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Employee wellness plans should include entire company, not just sick workers

A study of employees at a west Michigan hospital showed some of the most unhealthy workers that University of Michigan researchers had ever seen.

But in four years, the workplace wellness plan at Allegiance Health in Jackson, Mich. had fueled some of the biggest improvements in employee health that those same researchers had ever witnessed.

The researchers were studying the hospital system to evaluate the health risk changes in employees in the four years after Allegiance implemented a workplace wellness program. The "It's Your Life" program was unique because it included all employees, not just unhealthy ones, said Douglas Wright, a researcher at the U-M School of Kinesiology Health Management Research Center, and lead study author.

Most wellness programs start with a health assessment and only the employees who meet pre-determined benchmarks of poor health qualify for additional assistance, Wright said.

It's Your Life began in 2002, and Allegiance offered employees $200, spread over 24 paychecks, to take a health risk appraisal, be screened, attend three counseling sessions and complete three health learning modules. In subsequent years, the company lowered the incentive to $190 but gave it to employees in the form of a gift card that was filled with small amounts of money each time the employee completed another requirement. Having immediate access to the money earned, rather than waiting for it to show up in a paycheck, appeared to be associated with increased participation.

Researchers collected data from three different employee groups based on the number of times each participated. Over four years, participation increased and the number of high risk employees decreased in all groups, Wright said. The yearly participation rate rose from 38 percent the first year to 77 percent by the fourth year. After four years, the four-time participants decreased in 10 of 15 health risks, the two-time participants decreased in nine of 15 risks, and the one-timers decreased in 12 of the 15 risks.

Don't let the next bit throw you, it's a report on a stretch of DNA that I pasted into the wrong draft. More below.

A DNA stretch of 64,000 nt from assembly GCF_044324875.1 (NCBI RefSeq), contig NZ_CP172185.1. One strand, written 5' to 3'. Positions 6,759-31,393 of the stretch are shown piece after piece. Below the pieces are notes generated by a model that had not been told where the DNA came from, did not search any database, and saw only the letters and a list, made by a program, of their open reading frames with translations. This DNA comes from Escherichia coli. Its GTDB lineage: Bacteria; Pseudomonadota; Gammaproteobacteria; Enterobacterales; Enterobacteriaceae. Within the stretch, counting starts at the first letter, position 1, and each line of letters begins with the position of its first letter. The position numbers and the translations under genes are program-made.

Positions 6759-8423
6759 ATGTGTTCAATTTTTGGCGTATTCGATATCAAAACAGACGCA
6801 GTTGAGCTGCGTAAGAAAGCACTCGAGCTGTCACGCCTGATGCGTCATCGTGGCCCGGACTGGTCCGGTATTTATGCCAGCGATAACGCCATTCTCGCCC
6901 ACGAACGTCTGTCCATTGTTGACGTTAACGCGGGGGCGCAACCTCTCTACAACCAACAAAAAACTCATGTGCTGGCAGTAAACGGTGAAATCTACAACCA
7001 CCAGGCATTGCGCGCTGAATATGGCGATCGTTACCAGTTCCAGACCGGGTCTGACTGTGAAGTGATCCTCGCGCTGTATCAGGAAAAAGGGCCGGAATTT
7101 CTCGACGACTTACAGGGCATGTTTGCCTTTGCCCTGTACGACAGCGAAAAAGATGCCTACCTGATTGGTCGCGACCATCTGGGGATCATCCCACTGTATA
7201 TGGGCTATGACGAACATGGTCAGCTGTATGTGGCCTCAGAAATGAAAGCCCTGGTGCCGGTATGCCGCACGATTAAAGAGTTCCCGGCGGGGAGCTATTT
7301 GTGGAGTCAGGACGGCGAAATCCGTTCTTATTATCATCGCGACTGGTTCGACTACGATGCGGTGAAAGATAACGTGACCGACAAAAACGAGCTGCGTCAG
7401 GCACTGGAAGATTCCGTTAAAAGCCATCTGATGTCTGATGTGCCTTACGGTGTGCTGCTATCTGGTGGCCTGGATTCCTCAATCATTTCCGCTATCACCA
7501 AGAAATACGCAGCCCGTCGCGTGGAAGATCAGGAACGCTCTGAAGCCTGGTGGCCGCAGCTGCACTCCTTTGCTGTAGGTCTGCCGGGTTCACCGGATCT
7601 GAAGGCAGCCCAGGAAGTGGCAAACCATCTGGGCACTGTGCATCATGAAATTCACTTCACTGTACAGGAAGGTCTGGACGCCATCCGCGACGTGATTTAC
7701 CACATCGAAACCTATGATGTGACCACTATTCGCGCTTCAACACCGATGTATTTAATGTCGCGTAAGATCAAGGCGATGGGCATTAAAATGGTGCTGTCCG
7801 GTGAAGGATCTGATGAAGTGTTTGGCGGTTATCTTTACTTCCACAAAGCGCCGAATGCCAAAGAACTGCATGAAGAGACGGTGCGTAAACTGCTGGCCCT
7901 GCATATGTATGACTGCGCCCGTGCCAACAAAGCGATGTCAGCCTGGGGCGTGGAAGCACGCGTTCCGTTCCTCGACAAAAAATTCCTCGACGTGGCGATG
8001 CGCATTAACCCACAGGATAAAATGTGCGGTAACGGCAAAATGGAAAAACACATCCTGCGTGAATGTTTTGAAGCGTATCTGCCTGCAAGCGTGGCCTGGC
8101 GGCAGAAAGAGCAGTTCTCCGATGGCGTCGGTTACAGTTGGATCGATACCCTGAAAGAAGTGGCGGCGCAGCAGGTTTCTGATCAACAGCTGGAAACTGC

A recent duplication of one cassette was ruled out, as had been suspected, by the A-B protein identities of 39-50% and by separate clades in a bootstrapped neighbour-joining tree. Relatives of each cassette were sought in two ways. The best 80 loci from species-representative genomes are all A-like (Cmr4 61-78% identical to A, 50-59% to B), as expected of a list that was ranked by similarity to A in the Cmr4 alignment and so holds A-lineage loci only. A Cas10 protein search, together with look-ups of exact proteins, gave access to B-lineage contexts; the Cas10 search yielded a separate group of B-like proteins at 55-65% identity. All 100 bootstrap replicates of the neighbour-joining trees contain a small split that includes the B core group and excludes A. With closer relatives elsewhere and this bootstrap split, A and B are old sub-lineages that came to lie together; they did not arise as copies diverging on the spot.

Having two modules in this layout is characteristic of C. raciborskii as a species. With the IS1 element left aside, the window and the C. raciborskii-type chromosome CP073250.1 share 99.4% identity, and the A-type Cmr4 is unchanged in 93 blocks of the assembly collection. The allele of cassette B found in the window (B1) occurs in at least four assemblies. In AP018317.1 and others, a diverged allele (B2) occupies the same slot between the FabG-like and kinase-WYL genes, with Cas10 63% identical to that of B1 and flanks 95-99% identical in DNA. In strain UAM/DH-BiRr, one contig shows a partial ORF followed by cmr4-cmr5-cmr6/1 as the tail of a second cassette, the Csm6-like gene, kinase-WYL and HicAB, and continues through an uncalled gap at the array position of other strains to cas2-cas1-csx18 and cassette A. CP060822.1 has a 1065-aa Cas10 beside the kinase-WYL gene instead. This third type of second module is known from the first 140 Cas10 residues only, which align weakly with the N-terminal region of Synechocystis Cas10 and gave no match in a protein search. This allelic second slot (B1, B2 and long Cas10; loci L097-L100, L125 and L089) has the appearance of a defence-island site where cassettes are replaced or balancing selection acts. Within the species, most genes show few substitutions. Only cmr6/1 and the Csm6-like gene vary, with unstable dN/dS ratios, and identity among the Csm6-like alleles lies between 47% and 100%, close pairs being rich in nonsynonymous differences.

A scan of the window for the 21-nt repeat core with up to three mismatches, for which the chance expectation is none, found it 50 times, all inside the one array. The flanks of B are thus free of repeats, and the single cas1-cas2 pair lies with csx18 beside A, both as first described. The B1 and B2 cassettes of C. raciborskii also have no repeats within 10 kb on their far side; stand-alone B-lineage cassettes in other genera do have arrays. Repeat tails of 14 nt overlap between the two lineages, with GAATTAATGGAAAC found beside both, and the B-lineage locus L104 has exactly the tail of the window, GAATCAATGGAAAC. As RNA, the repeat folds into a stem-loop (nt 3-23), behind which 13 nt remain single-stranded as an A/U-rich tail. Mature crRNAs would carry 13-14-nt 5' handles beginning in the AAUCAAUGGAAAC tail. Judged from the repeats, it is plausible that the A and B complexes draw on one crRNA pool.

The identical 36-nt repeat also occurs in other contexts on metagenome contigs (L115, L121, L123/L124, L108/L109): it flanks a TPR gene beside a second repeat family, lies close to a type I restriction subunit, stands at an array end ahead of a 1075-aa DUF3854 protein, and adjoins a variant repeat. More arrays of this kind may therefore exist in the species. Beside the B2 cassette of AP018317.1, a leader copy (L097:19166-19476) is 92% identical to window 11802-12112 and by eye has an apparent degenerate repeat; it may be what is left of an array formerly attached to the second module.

"In the four-time participation group, the percent low risk people went from 51 percent to 64 percent, that's a huge jump," said Wright. "It's a big deal when you see that much improvement."

Allegiance started with 51 percent of its employees classified as low risk, which is much lower than normal, and 19 percent as high risk, which is above average, Wright said. The number of high risk workers fell to about 12 percent over the four years. Studies have shown that employees who are high risk cost more in healthcare and lost productivity.

One of the reasons the program was so successful was because it was comprehensive, said Dee Edington, director of the HMRC. Edington has appointments in the School of Kinesiology and the School of Public Health.

In other words, the program helped keep healthy workers from getting sick because it included them in the wellness plan, he said. "It's a lot cheaper to keep employees low risk than to move them from high risk to low risk," Edington said.

The project was designed to be implemented in three stages. The first stage uses Allegiance as the pilot to test the effectiveness of the wellness program. The second phase expands It's Your Life to six of the largest employers in the area, and the third stage expands the program to all employers in the county and any community organizations that want to participate.

A cost analysis is pending to see if the savings are great enough to justify the incentives and the cost of the wellness programs, said Wright.

The study appears in the Journal of Health & Productivity.

The University of Michigan School of Kinesiology continues to be a leader in the areas of prevention and rehabilitation, the business of sport, understanding lifelong health and mobility, and achieving health across the lifespan through physical activity. The School of Kinesiology is home to the Athletic Training, Movement Science, Physical Education, and Sport Management academic programs—bringing together leaders in physiology, biomechanics, public health, urban planning, economics, marketing, public policy, and education and behavioral science.

Laura Bailey | EurekAlert!
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